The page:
The deck hatches are not mounted on raised coamings, but do have reflective shades installed inside. Raised hatch coamings are recommended because they keep standing water at bay; obviously they require from the builder more labor-intensive tooling. Opening portlights on the trunk cabin over the galley and head may experience some residual dripping when deployed after a rain or spray event because the cabin sides are sloped in toward centerline and the portholes lack a lip or outwardly sloped drain ridges to overcome that angle.
As conscientious a production laminator as you’ll find anywhere, Jeanneau uses various types of glass cloth to suit the different stress and wear characteristics of different hull areas. A computer-designed grid of glassed-in structural supports adds strength throughout. A vinylester gel coat below the waterline enhances impermeability and provides osmotic protection on this solid hand-laid hull. The deck is balsa cored, except for high-stress areas in which you’ll find solid glass. The hull-deck joint is thru-bolted every four inches and sealed with a high-grade flexible sealant.
The cast-iron wing keel is epoxy coated and bolted to the hull with galvanized steel bolts. The bolts are then glassed over on top, a strategy believed by the builder to be the most effective defense against leakage or corrosion. The Yanmar 3GM30F diesel is located under the companionway, and offers very reasonable access. It is mounted on long stringers that run fore and aft and provide a combination of strength and vibration dampening. Jeanneau maintains that every structural component is subjected to strength testing in salt- and hot-water environments; this includes accelerated aging tests to assess and assure longevity. Hand-laminated frame members, GRP-embedded wood reinforcement pieces, sophisticated automated woodworking machinery, and diagonal-weave Kevlar cloth reinforcing are among the materials, shop equipment and products used. Jeanneau offers a five-year limited structural warranty and a five-year limited warranty for osmotic blisters.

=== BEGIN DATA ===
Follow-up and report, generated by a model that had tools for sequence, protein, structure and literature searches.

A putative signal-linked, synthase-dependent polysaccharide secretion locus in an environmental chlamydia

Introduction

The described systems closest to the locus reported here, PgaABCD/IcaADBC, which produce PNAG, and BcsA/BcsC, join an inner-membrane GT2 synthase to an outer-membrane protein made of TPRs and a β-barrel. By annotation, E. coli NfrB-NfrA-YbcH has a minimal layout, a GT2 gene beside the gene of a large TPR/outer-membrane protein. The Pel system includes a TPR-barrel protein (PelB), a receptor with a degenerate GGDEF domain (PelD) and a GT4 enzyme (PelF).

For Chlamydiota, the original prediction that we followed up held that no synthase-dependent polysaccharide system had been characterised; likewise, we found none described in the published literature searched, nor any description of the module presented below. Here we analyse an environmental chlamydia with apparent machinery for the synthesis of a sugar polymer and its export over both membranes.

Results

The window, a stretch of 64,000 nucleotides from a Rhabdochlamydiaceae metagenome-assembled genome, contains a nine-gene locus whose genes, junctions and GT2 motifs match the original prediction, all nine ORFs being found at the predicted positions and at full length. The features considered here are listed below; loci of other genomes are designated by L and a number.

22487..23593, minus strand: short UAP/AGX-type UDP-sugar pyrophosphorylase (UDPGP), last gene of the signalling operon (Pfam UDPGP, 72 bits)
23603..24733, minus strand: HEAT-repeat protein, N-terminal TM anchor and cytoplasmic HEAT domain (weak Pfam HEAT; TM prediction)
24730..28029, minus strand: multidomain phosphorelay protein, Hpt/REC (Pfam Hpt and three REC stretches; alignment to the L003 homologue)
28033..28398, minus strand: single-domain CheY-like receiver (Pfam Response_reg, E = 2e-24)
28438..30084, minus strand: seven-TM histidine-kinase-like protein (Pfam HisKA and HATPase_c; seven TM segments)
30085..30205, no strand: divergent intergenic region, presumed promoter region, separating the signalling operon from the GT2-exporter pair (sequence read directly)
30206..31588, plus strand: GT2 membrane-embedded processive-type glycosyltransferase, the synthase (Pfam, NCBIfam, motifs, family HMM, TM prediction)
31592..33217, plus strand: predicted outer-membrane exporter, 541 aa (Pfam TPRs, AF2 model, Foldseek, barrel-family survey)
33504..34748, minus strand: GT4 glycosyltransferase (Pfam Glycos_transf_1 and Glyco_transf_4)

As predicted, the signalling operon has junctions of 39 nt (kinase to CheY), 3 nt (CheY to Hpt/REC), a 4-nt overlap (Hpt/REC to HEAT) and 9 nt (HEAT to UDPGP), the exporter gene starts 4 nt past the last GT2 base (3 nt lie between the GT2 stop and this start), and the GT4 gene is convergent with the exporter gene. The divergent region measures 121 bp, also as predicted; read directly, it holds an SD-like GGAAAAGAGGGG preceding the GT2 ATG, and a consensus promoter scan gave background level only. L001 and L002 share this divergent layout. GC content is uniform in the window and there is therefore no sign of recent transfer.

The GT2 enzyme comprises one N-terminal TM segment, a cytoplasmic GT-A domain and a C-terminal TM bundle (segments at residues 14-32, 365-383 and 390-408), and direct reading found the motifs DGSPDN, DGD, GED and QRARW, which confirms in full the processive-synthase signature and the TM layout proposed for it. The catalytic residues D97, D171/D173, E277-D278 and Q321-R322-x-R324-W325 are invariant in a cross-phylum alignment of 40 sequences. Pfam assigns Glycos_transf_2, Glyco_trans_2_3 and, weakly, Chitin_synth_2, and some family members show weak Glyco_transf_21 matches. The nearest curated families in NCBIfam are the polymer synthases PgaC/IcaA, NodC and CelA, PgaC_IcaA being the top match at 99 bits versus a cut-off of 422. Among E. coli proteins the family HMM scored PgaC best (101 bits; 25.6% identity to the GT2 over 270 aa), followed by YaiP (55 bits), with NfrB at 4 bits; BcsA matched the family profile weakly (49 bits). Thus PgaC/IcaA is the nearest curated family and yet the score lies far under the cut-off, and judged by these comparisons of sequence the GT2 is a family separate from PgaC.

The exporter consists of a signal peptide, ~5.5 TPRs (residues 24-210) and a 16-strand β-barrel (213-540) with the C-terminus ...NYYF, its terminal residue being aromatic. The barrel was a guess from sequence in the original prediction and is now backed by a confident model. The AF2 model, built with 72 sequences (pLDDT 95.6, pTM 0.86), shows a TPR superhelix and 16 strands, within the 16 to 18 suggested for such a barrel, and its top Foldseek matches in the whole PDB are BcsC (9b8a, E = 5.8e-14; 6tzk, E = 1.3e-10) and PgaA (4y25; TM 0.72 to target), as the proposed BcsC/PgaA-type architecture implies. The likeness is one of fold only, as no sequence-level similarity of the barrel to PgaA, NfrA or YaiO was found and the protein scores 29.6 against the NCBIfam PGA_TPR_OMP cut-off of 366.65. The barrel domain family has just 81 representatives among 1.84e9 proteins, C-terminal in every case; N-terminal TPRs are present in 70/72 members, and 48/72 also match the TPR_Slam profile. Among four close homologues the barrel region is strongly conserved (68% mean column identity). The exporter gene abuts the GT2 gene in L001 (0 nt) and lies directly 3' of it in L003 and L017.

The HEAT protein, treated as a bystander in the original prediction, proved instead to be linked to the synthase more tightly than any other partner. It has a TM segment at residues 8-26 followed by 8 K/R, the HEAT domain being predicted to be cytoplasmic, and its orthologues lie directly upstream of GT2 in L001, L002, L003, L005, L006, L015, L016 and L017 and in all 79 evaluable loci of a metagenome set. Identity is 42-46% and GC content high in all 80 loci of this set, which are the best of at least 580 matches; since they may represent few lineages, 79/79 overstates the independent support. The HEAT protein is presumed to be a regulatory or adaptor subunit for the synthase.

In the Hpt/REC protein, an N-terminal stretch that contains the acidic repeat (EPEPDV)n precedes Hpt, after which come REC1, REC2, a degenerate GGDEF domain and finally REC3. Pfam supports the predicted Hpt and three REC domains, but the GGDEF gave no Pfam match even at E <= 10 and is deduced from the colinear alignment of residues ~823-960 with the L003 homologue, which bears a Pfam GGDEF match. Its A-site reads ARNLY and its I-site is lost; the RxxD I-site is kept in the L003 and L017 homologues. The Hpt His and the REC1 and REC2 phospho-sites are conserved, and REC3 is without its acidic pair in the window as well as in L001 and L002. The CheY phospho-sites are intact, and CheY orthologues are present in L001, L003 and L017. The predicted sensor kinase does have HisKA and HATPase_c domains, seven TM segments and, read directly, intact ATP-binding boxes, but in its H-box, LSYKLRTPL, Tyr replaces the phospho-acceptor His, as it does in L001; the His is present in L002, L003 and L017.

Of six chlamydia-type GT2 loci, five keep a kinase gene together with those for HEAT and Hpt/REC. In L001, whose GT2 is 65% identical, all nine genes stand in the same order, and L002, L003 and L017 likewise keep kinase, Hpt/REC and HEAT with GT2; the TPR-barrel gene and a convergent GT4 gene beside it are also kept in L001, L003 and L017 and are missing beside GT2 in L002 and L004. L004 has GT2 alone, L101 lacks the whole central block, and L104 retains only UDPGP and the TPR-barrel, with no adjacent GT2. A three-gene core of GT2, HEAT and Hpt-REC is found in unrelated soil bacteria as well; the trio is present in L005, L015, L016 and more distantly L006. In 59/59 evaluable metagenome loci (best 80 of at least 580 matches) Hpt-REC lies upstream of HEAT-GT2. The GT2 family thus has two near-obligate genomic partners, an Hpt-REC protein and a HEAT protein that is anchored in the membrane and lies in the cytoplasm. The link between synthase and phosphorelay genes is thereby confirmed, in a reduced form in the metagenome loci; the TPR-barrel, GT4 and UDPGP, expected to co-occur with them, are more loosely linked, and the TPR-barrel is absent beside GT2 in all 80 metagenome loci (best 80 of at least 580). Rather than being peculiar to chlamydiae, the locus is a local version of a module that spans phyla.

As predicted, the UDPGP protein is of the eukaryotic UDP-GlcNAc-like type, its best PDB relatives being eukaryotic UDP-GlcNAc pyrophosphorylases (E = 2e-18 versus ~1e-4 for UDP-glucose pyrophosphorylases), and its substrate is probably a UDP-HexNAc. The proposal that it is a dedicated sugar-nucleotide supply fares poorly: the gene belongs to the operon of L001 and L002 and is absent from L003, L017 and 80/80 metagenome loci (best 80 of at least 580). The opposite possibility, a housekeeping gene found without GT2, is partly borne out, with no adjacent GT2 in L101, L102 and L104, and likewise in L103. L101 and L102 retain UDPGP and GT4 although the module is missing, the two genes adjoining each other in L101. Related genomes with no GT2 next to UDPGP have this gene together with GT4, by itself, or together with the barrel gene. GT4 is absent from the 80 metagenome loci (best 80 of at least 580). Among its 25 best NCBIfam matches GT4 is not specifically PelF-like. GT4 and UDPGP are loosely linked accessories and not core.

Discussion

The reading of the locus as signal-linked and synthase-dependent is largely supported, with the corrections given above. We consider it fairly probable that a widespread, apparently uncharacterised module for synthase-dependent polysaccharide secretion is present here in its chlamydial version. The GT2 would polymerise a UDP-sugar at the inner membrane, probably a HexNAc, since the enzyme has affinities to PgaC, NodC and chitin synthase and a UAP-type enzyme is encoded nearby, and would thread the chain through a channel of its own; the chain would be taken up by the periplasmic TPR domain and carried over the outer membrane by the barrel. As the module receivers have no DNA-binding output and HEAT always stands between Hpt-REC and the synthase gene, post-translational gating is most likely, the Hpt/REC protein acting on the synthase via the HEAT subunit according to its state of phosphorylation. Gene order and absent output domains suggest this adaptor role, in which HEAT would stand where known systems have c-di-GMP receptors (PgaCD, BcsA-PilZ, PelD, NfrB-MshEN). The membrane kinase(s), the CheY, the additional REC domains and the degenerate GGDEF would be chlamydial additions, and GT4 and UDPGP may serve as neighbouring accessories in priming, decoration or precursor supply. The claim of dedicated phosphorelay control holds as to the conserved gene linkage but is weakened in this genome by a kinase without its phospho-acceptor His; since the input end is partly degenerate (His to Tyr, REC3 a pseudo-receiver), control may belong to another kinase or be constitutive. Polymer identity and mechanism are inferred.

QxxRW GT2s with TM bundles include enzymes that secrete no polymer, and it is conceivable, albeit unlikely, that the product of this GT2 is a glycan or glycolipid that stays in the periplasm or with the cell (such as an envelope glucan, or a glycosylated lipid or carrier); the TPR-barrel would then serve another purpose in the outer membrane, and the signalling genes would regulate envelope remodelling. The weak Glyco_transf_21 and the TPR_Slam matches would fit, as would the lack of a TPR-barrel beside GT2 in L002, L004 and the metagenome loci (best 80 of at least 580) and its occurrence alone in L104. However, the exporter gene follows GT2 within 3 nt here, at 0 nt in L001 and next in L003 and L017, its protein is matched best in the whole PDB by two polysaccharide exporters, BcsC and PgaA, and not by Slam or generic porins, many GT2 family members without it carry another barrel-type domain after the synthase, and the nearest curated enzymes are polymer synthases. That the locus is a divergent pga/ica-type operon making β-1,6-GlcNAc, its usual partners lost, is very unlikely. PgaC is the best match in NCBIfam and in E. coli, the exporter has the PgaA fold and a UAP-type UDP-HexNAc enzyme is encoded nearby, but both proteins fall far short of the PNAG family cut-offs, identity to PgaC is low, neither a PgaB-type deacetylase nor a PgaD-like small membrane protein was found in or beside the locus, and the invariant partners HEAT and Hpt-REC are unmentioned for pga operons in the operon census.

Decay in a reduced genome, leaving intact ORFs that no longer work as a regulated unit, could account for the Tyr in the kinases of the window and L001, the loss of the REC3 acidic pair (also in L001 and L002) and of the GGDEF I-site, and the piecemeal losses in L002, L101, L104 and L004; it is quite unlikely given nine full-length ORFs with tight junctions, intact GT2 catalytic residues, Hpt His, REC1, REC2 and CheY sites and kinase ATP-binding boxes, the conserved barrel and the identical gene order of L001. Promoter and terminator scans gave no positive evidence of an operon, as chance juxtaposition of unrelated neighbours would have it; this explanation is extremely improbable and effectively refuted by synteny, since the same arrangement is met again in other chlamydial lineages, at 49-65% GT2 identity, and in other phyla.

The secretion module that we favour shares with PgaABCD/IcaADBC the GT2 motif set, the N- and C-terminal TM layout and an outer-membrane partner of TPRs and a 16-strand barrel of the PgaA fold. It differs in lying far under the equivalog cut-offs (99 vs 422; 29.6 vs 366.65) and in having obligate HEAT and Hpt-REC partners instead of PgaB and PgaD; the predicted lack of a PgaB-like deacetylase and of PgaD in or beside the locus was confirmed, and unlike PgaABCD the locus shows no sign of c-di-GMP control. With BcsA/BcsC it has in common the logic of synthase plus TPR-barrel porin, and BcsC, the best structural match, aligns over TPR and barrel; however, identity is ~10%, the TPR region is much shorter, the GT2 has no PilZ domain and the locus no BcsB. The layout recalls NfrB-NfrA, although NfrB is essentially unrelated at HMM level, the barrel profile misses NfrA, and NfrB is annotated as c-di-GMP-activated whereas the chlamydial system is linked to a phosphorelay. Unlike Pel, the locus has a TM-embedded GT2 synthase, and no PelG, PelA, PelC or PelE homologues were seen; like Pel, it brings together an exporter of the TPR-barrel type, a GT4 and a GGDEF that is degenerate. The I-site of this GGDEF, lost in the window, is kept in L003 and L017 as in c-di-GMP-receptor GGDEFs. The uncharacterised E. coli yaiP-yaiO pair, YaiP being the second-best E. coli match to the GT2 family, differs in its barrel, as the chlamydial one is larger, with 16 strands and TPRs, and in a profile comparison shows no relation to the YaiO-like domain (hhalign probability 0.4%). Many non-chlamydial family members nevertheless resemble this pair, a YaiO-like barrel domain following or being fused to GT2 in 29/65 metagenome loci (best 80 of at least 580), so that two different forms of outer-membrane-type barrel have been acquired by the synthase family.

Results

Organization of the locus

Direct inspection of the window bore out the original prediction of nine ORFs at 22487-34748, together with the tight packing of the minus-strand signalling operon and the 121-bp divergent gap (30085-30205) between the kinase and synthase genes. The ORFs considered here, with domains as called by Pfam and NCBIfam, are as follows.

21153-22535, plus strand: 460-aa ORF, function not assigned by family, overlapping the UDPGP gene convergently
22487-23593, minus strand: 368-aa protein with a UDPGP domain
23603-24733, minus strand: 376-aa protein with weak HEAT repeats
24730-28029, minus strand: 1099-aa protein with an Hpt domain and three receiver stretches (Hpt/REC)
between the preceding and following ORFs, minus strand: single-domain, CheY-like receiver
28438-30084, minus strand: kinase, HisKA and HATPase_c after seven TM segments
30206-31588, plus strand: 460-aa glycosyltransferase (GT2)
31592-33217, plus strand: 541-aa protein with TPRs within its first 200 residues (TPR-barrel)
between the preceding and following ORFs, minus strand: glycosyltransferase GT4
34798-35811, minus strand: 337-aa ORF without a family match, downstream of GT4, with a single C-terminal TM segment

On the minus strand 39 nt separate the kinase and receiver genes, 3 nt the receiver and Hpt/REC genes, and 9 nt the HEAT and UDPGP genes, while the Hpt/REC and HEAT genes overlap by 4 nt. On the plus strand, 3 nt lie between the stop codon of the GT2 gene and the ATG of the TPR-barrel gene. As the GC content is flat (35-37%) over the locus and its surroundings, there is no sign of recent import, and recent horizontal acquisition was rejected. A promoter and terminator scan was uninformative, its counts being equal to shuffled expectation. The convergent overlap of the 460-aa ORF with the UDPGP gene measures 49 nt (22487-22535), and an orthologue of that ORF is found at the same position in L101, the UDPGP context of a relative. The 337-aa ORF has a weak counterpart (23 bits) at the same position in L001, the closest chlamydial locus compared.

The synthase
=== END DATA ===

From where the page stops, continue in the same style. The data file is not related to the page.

Standard equipage, in addition to features noted above, include mainsail with reefs, furling genoa and self-tailing winches, manual bilge pump, pedestal steering and electronics console.
One of the more alluring of this vessel’s many fine attributes is its performance under way, as we found out one sparkling autumn morning on Narragansett Bay in a moderate breeze of about 10 to 12 knots. In these conditions she maintained a solid six knots upwind and tacked easily through 85 degrees. The helm was light and responsive, the rudder ideally balanced. The boat accelerated nicely and, once we trimmed her up and put her in the groove, she heeled slightly and flew. When we rolled up the jib and sailed with the main alone, speed, steerage and control remained excellent — an important dividend for those who enjoy impromptu shorthanded harbor cruises or close-in maneuvering under sail.
If you’re thinking about long-term cruising, the Sun Odyssey 35.1 is by no means a “big” boat, but then again at 35 feet she’s not supposed to be. She is an enjoyable boat, however — satisfying to sail, easy to work on and comfortable to be aboard. And as we judges concluded, she’s a deal, too.
Jeanneau Sun Odyssey 35.1 Specifications:
LOA 34’11” (10.6 m.)
LWL 30’6″ (9.3 m.)
Beam 12’2″ (3.7 m.)
Draft (deep) 6’3″ (1.9 m.)
Draft (shoal) 4’7″ (1.4 m.)
Ballast 3,300 lbs. (1,497 kgs.)
Disp 11,000 lbs. (4,990 kgs.)
Sail area 530 sq.ft. (49.2 sq.m.)
Mast above water 49’3″ (15.0 m.)
Fuel tankage 28 gal. (106 ltr.)
Water tankage 78 gal. (295 ltr.)
Auxiliary Yanmar 3GMF30F 27-hp
Cabin headroom 6’3″ (1.9 m.)
Designer Jeanneau Design Group
Base price $95,900 POE US East Coast
Jeanneau North America
128 Howard St.
New London, CT 06320
Phone (203) 444-2072